Wednesday, June 17, 2009

Hospital Tour Take Aways

Today, Brent and I went on our hospital tour at the OU Women's and Newborn Pavilion. It was interestingly different from our tour at GW. First, there are some contextual differences --this isn't our first baby, and this is not a high risk pregnancy (unlike with B). Also, last time we went on the tour after our uber infuriating child-birth class (don't get me started). This time, most of the people on the tour were also not first time parents. I think the biggest difference for them and us is that this time we know what questions to ask and have prior knowledge of what "can" happen. This made the tour last a bit longer. With many of you expecting or recent mothers I thought a comparison would be useful (also may help clarify my thoughts on it).

Good bits-

-Couplet care method - Mom and baby have the same nurse - the lack of this at GW drove me nuts
-Better lactation consultant availability (we hope)
-Free Parking passes for parents (nothing, particulary parking is free at GW).
-More waiting spaces than at GW and less difficult to get to see mom/baby
-Many more birthing suites, floors feel more spacious
-Attached to Children's so tip top staffing onsite and childbirth and babies are the focus of this part of the complex rather than just a floor in a general hospital.
-Many more/better food choices
-May have WiFi?!?
- Ok with cell phone use
- Very welcoming to family, visitors, kids, etc - no visiting hours, just be respectful
- No one other than Moms & Babies (as patients) on either L&D or Recovery floors
-Telemetry - if being monitored can be more mobile than was available last time (but probably won't need to be monitored constantly--- we hope).
-Several surgery rooms on L&D floor - hope we don't need them, but glad they are right there
-High Risk area separate from regular birth with appropriate differences in staffing, tech tools, etc.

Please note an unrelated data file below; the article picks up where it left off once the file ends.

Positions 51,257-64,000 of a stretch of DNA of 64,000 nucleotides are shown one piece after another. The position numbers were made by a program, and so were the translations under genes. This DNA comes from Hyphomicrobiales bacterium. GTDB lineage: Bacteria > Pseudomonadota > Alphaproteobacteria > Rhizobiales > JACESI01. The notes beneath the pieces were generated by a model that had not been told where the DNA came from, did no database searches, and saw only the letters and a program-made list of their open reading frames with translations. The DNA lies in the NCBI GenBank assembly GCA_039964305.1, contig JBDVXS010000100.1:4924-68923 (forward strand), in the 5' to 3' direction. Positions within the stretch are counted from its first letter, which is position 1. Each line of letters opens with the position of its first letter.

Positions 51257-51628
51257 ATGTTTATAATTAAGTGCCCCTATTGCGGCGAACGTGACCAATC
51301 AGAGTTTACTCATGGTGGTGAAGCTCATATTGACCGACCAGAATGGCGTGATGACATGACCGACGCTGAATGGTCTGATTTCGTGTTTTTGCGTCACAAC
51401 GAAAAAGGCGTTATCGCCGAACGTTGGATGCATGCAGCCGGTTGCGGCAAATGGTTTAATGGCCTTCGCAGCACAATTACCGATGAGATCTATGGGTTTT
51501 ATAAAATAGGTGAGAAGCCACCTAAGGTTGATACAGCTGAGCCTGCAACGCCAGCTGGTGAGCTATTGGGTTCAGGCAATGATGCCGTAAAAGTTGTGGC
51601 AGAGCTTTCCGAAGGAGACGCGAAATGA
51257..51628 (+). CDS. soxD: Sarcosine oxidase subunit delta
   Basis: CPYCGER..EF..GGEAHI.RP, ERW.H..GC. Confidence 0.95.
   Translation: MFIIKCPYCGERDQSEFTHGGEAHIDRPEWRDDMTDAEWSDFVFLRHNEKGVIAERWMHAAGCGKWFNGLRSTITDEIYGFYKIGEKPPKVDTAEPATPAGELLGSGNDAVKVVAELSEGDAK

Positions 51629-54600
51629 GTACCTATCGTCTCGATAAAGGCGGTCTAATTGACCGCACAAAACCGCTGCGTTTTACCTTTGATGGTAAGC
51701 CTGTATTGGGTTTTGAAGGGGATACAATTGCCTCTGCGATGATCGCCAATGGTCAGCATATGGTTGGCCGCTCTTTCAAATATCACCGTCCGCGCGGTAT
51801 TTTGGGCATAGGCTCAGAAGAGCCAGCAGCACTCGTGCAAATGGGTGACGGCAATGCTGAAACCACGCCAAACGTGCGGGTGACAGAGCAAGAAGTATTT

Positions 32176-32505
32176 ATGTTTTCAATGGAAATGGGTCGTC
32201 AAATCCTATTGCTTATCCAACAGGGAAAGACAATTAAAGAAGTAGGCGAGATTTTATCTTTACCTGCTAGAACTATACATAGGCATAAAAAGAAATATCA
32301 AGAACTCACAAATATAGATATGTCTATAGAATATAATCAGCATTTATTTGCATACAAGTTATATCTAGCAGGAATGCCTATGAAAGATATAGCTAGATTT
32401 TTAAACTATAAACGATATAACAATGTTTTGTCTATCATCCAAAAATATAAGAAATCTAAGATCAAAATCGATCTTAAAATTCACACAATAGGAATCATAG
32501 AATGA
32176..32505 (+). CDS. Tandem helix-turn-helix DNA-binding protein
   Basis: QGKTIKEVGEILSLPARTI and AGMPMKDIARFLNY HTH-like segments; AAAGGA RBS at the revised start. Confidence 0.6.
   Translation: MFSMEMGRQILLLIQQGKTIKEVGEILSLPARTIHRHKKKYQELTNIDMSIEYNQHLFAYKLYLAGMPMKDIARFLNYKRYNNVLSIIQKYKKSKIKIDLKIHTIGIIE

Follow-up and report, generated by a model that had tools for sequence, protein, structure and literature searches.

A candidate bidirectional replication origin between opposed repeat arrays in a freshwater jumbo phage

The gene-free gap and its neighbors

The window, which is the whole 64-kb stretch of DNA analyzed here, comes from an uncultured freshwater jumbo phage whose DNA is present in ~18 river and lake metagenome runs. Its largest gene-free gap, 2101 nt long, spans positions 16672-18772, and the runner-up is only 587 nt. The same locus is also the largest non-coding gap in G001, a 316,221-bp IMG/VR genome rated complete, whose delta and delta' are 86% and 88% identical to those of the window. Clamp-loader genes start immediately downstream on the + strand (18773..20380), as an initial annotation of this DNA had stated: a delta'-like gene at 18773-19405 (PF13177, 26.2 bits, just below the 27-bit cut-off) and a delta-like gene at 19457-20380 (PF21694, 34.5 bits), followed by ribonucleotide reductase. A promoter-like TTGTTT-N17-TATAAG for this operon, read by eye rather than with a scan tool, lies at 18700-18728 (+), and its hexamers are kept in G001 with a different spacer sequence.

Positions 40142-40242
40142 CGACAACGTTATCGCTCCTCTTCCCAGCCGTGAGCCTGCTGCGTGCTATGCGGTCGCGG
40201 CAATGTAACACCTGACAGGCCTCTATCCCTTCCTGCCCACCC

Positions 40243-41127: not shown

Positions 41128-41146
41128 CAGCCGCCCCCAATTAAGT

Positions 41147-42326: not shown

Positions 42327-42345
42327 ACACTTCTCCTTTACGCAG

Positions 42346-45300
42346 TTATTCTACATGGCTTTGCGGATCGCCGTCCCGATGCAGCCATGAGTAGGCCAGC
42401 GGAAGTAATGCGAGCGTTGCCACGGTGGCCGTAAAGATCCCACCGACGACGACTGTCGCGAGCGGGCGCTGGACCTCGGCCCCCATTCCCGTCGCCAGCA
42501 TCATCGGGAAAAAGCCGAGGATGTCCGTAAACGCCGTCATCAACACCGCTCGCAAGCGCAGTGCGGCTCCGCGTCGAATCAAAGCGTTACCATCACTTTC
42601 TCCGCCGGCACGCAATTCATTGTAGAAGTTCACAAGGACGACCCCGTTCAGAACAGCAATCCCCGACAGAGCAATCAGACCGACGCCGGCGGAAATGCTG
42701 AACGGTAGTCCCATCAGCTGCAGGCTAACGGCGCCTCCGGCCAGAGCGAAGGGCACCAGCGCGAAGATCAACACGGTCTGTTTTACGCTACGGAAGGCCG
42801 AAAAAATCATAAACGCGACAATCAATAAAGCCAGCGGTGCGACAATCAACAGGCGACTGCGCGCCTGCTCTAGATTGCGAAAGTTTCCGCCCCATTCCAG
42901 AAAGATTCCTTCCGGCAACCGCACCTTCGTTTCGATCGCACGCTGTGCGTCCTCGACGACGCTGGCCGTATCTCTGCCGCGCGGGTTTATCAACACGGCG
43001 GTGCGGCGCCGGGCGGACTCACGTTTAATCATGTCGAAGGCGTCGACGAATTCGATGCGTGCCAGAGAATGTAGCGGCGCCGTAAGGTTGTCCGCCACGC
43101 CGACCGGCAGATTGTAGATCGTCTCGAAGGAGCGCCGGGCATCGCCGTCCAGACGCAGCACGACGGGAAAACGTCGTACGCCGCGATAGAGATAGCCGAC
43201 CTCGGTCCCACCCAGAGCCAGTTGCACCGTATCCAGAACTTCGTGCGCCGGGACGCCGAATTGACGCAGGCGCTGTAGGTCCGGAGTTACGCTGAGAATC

-Baby Care room for little procedures - circumcision, minor lab tests, etc on the same floor as recovery

Things we're less enthusiastic about:

-Smaller L&D room than GW (a little)
-Lots of being moved around - OB triage, then L&D, then recovery (on another floor)
-Still small Recovery rooms (was very crowded at GW and will be more so here as more people visiting and baby stays in the room all the time --see below).
-No nursery- baby stays with Mom the whole time, nurse will watch briefly as needed (Downside of couplet style) as can be nice to have someone watch the baby so you can get some sleep while recovering, but obviously an admirable concept.
-No pre-registry to do paperwork in advance
-Seem in the very pro-breastfeeding is the only/best/way camp-- there is nothing wrong with that per se other than that nursing doesn't work for everyone and didn't work well for us last time and people like us need support too and to have things like formula available if we need it. We suspect we won't be too patient on this issue this go around--- we will try it again, but if it isn't working and my mental health begins to crash again we're not going to force it.

Things to figure out - Still need to work out a plan for people watching B during this. Suspect we have many volunteers, just hard to plan when you don't know when this will all happen and how long it will take.

Last time, the time between admission and birth was unusually long for various reasons mostly tied to the risks in the pregnancy and time in the hospital after birth was long as well due to issues with not having a lactation consultant available to see us and having to do that before we were dicharged. Hopefully, with less complications this will be a smoother journey. Starting to seem more real and having more concrete discussions on the issue. Exciting!

1 comment:

Erin said...

Very interesting comparisons. I would be pretty un-enthused about the lack of a nursery. It does seem to be catering only to one style of parenting. I remember how grateful I was that the nurses took care of my baby during the night (except feedings) so I could get a couple good nights of sleep between pregnancy insomnia and the constant feedings/care of being home with a newborn.

I hope you can get the lactation support you need. I also had trouble the first time out, but the next time was much easier, for whatever reason. I still ended up supplementing after a couple of months then switching to formula at about 4 1/2 months with Nathaniel, but he did do much better at the breast than Timothy did. It is rather strange that they don't seem to give any support to moms that don't choose to I hope you are able to get what *you* need from the hospital.


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